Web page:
Report targets certain Ohio counties for farmland preservation

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COLUMBUS – Ohio has one of the highest proportions of prime agricultural soils in the nation. And now, the focus on protecting that land could shift to new areas, thanks to a new report from Ohio State University’s Center for Farmland Policy Innovation.
Jill Clark, director of the center, and Heide S. Martin, the center’s planning and policy coordinator, discusses the report, Planning on Farming Ohio? A Model for Understanding the Opportunities for Innovation, at the eighth annual Ohio Farmland Preservation Summit at the Ohio Department of Agriculture in Reynoldsburg Nov. 1.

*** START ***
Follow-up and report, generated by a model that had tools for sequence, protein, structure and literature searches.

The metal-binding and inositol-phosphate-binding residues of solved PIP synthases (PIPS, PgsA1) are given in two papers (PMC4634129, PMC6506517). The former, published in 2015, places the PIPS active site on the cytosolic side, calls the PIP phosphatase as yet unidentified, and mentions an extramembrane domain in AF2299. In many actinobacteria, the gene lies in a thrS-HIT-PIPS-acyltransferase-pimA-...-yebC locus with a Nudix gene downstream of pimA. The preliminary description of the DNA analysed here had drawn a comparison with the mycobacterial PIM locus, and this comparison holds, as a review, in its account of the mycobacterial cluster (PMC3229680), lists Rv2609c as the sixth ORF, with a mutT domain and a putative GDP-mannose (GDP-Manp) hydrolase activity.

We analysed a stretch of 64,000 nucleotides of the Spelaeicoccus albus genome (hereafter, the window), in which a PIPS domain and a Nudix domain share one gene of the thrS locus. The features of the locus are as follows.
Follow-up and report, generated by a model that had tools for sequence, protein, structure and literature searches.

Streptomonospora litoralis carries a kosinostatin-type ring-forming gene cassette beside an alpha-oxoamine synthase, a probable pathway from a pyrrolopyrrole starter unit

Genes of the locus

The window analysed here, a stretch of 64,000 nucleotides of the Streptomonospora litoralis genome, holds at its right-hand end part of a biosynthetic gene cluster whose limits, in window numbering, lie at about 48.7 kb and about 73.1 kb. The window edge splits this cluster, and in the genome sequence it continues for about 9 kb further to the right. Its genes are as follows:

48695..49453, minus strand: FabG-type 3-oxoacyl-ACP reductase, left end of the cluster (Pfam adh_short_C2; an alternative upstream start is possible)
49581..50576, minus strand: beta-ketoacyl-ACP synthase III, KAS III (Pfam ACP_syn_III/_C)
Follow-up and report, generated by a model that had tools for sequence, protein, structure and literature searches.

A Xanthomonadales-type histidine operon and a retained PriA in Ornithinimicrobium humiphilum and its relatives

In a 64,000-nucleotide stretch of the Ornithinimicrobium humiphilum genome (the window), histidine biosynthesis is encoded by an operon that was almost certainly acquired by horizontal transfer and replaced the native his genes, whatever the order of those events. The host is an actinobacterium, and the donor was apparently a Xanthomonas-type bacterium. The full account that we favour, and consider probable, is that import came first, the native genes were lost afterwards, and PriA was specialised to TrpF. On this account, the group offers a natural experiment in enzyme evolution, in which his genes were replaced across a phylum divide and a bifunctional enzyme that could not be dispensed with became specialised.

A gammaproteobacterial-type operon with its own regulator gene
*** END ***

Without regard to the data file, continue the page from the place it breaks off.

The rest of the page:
“We came up with this model to help identify areas in the state where there’s the most need for farmland protection programming,” Clark said.
Greatest need. “While all counties have some level of need, the question is, which counties have the greatest need given the existing resources, the existing activity and the existing development pressure in their areas?”
To do this, Clark and Martin examined each of Ohio’s 88 counties and gave numeric values to several indicators, weighting them according to their importance in affecting farmland preservation.
To determine the need for farmland preservation in each county, the researchers determined:

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